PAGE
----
Every crafter has a dream. This might seem obvious. By their nature, crafters are very creative people who frequently dream up fantastic creations and artistic expressions. This is not the dream I mean. The dream I’m talking about that every crafter shares pertains to finishing a project on time: the dream of punctuality. The more elaborate, the more creative, the more thoughtful the project, the harder it is to actually finish and deliver to the recipient’s hands on schedule. Now there are many talented people out there who are good at this. These people can plan, create, and deliver a crafted gift on time and have it look flawless. I am not one of these happy few. Anyone who knows me knows that I struggle with punctuality in real life. My clocks are inaccurate by anywhere from 3 minutes to 15 minutes fast in an attempt to trick me into being on time. When I do arrive on time (something that happens more and more consistently over the years, Huzzaaah!) I still breathe a sigh of relief. Time management is one of those buzzwords I put down when someone asks me to list a weakness. What can I say? I always think I can squeeze in just one more thing from my to-do list prior to going anywhere and doing anything else whereupon the cycle of “I can do one more thing before…,” begins again. Over-acheiver+optimist+perfectionist= a perfect storm of someone who is constantly running behind.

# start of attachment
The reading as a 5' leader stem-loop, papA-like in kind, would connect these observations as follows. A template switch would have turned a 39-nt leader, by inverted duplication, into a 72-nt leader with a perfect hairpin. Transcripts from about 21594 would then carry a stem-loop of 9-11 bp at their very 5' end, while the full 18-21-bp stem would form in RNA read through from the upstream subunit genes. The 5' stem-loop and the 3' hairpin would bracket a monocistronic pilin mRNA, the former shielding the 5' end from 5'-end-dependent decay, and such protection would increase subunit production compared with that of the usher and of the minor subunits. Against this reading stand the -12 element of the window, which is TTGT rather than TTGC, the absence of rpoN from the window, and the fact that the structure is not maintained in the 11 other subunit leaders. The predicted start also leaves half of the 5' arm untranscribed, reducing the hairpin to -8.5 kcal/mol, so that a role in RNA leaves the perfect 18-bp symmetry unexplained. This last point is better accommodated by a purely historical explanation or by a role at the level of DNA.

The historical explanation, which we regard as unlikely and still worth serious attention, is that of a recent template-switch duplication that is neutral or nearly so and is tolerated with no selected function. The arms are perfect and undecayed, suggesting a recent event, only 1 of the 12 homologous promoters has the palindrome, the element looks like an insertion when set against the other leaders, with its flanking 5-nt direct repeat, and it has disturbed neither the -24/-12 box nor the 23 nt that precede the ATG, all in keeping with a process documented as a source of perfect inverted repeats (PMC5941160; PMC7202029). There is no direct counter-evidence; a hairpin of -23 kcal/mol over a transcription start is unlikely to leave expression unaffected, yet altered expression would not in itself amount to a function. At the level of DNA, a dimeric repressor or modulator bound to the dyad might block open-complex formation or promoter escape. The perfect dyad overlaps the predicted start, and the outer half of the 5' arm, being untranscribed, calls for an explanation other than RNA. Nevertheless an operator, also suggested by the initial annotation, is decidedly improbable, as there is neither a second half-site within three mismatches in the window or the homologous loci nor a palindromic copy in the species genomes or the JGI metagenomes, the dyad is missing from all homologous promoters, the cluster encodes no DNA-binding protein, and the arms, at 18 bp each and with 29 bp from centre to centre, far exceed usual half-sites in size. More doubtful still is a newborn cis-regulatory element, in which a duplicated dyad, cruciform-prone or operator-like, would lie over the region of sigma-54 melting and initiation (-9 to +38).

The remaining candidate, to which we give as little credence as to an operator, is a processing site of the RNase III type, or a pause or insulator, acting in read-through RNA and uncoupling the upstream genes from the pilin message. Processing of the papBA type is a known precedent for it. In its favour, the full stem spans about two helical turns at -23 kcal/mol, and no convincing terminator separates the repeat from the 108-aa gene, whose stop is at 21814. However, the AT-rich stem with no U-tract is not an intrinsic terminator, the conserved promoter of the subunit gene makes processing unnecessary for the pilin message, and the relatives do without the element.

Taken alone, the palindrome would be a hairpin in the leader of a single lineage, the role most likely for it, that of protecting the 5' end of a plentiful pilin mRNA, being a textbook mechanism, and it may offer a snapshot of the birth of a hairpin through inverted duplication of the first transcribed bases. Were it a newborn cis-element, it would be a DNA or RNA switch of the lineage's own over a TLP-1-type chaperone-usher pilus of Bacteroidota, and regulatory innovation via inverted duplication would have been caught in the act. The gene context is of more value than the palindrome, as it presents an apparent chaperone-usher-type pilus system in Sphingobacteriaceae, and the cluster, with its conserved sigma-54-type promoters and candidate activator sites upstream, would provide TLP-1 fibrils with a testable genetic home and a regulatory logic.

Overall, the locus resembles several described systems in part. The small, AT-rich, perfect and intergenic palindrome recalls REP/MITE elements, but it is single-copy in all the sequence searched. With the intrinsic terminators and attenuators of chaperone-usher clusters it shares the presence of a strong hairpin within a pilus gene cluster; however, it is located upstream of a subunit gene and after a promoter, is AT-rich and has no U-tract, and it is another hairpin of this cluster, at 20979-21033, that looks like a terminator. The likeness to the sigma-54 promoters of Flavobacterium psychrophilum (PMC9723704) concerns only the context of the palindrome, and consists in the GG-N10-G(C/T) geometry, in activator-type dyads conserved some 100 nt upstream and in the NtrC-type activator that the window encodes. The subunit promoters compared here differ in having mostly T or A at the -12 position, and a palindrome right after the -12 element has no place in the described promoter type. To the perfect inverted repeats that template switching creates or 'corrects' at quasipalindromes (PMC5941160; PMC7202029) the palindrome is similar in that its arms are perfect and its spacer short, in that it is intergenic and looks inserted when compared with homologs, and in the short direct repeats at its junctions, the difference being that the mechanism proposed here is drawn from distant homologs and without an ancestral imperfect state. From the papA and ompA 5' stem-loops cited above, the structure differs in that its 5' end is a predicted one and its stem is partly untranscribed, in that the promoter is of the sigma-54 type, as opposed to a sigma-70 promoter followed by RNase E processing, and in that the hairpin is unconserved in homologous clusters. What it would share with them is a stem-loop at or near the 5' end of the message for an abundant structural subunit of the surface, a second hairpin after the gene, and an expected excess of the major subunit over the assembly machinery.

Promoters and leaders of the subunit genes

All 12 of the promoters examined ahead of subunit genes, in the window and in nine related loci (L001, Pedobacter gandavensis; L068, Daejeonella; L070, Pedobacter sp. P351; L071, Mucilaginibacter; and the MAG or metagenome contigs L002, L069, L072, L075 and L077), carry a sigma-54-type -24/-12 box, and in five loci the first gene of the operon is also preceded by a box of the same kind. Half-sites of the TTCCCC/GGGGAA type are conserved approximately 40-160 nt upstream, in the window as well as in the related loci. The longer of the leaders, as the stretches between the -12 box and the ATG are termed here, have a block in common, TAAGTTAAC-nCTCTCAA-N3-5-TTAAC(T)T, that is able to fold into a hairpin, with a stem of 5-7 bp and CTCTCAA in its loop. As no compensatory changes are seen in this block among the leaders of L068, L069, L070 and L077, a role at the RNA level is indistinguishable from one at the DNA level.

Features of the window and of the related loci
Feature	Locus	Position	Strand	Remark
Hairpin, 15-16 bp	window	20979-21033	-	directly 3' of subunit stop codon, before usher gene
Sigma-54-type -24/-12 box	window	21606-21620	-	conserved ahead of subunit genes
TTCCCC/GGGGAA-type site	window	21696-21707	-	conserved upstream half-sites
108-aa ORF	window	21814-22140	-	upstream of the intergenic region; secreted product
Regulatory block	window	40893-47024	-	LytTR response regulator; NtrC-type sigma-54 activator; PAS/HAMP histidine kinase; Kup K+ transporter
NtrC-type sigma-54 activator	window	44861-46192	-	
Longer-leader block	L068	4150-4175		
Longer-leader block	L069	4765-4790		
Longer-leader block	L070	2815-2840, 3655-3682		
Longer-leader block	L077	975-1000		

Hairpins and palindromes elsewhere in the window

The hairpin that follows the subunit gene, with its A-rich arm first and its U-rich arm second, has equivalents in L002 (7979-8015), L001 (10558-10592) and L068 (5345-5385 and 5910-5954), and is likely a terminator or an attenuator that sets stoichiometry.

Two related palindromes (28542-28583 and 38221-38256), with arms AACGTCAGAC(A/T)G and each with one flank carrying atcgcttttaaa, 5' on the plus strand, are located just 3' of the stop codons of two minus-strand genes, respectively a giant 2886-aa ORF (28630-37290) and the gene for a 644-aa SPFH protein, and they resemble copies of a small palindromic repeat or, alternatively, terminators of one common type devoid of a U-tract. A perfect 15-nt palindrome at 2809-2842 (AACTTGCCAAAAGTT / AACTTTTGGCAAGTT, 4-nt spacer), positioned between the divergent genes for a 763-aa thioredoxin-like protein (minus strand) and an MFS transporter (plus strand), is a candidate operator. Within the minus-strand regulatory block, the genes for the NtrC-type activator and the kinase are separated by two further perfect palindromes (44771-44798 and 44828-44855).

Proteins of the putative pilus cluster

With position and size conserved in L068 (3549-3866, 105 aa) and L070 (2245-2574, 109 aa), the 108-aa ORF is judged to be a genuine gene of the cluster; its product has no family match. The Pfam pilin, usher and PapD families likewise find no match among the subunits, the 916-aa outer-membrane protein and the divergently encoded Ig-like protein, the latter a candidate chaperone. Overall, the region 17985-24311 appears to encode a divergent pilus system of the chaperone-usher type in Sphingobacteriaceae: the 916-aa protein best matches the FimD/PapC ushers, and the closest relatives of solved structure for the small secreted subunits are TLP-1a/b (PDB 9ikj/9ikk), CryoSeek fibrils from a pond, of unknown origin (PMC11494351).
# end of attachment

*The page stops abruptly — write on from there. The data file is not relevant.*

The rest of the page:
Now I am happy to say that when it comes to activities that earn my bread & butter I’m pretty darn good at keeping this perfect storm from ruining my productivity. Lists, self-discipline, and bitter experience help a lot. This is not so when it comes to my crafting hobbies. I am two years behind on a wedding quilt for a friend (Only 13 blocks to go!). I have a bin of in-progress crafts for friends and unfinished home decor for an apartment my hubby and I no longer have. I have three other unfinished quilts cut out for me and my husband with sketches for at least five more, some for family. One of these quilts I’ve been dragging around in a plastic bedding bag for three years. The shame…the shame. If this were a support group I’d have to raise my hand and say something like: “Hi, my name is Ellen. I’m a compulsive crafter with more good intentions than time.” I know I’m not alone.
Yet, this year, 2011, has been a glorious year. I have lived the dream. I have been punctual not once, but twice. The first time I already wrote about. Against all odds, I actually finished a wedding gift for a friend in time to take to her wedding. It was a wonderful feeling. The second time happened earlier this week.
Christmas. The big C. The holiday around which not only the entire kid-year but the crafting-year revolves. Every crafter has seen the headlines on magazines.